Treasury’s Yellen to visit China this week to expand communications

By Andrea Shalal

WASHINGTON (Reuters) – U.S. Treasury Secretary Janet Yellen will travel to Beijing from July 6-9 for meetings with senior Chinese officials on a broad range of issues, including U.S. concerns about a new Chinese counterespionage law, a senior Treasury official said on Sunday.

Yellen’s long-anticipated trip is part of a push by President Joe Biden to deepen communications between the world’s two largest economies, stabilize the relationship and minimize the risks of mistakes when disagreements arise, the official told reporters.

It comes just weeks after Secretary of State Antony Blinken visited Beijing and agreed with Chinese President Xi Jinping to stabilize ties and ensure the two countries’ intense rivalry does not veer into conflict. China protested loudly when Biden subsequently referred to Xi as a “dictator,” but analysts say the remark had little impact on efforts to improve ties.

The Treasury chief plans to tell China’s new economic team that Washington will continue to defend human rights and its own national security interests via targeted actions against China, but wants to work with Beijing on urgent challenges such as climate change and debt distress faced by many countries.

“We seek a healthy economic relationship with China, one that fosters growth and innovation in both countries,” the official said. “We do not seek to decouple our economies. A full cessation of trade and investment would be destabilizing for both our countries and the global economy.”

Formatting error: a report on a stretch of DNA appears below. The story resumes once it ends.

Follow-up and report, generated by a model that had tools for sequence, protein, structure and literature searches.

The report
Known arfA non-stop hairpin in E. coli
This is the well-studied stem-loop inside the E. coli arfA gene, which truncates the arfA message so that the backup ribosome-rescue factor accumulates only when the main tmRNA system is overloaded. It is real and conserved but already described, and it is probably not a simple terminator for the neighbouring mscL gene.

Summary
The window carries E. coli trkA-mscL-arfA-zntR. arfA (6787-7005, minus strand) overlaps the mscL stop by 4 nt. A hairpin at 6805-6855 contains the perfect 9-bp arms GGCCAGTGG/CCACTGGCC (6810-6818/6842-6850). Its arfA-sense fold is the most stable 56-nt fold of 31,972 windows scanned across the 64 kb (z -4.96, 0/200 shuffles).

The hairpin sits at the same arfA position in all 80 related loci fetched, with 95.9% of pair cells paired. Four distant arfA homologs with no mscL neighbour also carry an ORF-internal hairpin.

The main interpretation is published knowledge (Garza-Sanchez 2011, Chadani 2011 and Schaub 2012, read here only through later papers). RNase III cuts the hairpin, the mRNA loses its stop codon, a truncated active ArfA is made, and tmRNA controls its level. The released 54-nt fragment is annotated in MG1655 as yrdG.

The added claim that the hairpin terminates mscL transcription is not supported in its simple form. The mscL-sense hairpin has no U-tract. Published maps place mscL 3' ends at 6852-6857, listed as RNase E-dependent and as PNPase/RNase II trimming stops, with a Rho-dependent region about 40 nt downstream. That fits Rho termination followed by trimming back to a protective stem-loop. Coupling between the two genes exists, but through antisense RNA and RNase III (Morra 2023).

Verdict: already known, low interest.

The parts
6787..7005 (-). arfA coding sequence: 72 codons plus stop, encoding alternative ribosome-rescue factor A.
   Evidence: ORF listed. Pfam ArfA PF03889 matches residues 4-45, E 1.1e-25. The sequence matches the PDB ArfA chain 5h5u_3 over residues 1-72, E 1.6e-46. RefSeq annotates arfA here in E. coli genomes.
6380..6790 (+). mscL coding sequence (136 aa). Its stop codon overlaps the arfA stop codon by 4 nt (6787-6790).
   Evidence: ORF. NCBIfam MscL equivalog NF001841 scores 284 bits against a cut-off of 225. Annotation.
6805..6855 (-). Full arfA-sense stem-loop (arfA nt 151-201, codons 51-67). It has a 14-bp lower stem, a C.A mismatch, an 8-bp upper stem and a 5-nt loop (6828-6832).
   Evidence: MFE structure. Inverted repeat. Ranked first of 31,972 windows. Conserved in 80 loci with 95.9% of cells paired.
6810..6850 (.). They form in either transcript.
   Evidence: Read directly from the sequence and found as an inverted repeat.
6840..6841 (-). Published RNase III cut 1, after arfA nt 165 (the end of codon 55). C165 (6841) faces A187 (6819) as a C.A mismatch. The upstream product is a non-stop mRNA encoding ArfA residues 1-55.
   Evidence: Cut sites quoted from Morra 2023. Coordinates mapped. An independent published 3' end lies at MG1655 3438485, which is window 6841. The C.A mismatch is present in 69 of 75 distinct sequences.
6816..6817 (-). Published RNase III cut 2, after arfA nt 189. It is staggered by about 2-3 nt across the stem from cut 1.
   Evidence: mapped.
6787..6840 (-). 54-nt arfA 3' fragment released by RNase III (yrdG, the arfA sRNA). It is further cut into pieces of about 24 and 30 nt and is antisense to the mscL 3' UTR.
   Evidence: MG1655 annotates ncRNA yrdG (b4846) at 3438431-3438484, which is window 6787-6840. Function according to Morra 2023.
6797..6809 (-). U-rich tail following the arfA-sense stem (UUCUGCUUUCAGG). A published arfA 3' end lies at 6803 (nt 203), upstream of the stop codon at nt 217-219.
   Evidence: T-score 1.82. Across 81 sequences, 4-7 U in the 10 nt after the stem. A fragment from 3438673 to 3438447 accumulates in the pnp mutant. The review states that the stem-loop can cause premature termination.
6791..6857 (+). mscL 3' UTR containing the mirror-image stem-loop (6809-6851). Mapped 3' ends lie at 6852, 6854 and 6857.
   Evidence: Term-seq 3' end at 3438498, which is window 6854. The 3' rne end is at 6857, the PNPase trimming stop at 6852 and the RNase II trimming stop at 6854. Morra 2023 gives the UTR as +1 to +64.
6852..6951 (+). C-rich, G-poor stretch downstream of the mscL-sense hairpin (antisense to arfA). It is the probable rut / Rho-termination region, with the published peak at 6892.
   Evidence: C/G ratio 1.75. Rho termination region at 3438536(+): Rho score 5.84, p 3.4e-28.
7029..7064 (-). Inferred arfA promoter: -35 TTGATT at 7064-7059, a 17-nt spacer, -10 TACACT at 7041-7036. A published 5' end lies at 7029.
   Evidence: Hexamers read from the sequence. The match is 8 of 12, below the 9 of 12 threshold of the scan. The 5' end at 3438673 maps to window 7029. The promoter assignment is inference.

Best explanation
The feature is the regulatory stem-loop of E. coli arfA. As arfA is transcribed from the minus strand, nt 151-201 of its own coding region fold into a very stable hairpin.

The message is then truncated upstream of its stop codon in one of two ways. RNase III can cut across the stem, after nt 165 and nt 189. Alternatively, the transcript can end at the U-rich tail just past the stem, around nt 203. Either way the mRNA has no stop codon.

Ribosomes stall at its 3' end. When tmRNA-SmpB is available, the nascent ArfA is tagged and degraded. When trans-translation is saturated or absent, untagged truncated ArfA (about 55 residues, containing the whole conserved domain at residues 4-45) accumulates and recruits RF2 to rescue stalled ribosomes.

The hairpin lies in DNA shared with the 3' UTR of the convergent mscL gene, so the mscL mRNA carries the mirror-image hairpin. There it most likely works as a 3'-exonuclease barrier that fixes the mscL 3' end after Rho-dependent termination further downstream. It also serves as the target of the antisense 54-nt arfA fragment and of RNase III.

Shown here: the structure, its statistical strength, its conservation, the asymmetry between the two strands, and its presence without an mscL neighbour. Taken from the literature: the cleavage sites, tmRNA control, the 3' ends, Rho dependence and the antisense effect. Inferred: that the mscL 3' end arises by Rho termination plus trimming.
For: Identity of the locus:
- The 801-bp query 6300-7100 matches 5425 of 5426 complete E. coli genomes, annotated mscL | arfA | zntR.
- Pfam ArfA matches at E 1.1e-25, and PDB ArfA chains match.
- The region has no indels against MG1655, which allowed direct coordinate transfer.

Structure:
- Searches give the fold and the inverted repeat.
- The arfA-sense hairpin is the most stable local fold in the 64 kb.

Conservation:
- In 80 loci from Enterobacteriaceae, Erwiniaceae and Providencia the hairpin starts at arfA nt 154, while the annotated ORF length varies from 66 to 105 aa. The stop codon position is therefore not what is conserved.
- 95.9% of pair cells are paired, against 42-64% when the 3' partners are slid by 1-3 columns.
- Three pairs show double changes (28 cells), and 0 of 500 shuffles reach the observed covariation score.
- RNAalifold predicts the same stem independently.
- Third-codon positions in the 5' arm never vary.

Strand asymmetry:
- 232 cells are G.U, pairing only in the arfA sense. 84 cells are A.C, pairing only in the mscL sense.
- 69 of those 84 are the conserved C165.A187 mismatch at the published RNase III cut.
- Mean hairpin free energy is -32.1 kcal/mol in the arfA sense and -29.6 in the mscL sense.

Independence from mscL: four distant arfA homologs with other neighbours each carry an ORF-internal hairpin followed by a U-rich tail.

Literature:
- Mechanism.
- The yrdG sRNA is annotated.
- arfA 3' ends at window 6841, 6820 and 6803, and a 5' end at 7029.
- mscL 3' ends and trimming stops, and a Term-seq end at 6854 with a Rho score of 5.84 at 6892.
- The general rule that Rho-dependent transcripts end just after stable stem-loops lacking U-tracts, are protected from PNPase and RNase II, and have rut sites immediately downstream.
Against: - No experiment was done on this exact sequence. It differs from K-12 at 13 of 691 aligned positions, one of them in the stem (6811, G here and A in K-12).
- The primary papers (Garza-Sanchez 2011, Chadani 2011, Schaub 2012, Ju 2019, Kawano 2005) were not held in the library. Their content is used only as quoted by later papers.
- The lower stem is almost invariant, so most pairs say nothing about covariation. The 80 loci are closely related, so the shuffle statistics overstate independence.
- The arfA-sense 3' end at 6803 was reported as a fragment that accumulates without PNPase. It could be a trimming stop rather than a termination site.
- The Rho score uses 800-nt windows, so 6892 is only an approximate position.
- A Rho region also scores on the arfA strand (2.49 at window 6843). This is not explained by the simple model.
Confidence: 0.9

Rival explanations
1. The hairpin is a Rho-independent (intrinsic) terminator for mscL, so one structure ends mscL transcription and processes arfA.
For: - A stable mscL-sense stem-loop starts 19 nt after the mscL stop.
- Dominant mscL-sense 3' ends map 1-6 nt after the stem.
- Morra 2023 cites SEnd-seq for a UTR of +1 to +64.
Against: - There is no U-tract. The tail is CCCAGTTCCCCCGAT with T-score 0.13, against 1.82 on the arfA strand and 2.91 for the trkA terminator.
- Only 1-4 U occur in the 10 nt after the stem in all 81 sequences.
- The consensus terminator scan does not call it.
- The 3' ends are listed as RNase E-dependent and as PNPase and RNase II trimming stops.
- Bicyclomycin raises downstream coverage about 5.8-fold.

The official, speaking on condition of anonymity, declined to give details on which Chinese officials Yellen would meet in Beijing. A second administration official told Reuters that Yellen was expected to meet the Chinese Vice Premier He Lifeng.

Yellen would underscore Washington’s determination to strengthen its own competitiveness while responding with allies to what Washington calls “economic coercion” and unfair economic practices by China, the first official said.

One clear area of concern involved China’s new national security and espionage law, and the potential implications for foreign and U.S. firms, the official added.

“We have concerns with the new measure, and how it might apply, that it could expand the scope of what is considered by the authorities in China to be espionage activity,” the official said, citing possible spillovers to the broader investment climate and the economic relationship.

While no major “breakthroughs” were expected, Treasury officials hope to have constructive conversations and build longer-term channels of communication with China’s new economic team, including at the sub-cabinet level, the official said.

U.S. officials would also reiterate concerns about human rights abuses against the Uyghur Muslim minority, China’s recent move to ban sales of Micron Technology memory chips, and moves by China against foreign due diligence and consulting firms.

Yellen would also talk with Chinese officials about a long-awaited U.S. executive action curbing outbound investment in China in certain critical sectors, and “make sure they don’t think something is more sweeping than it is or than it’s intended to be,” the official said.

(Reporting by Andrea Shalal; editing by Ross Colvin and Nick Zieminski)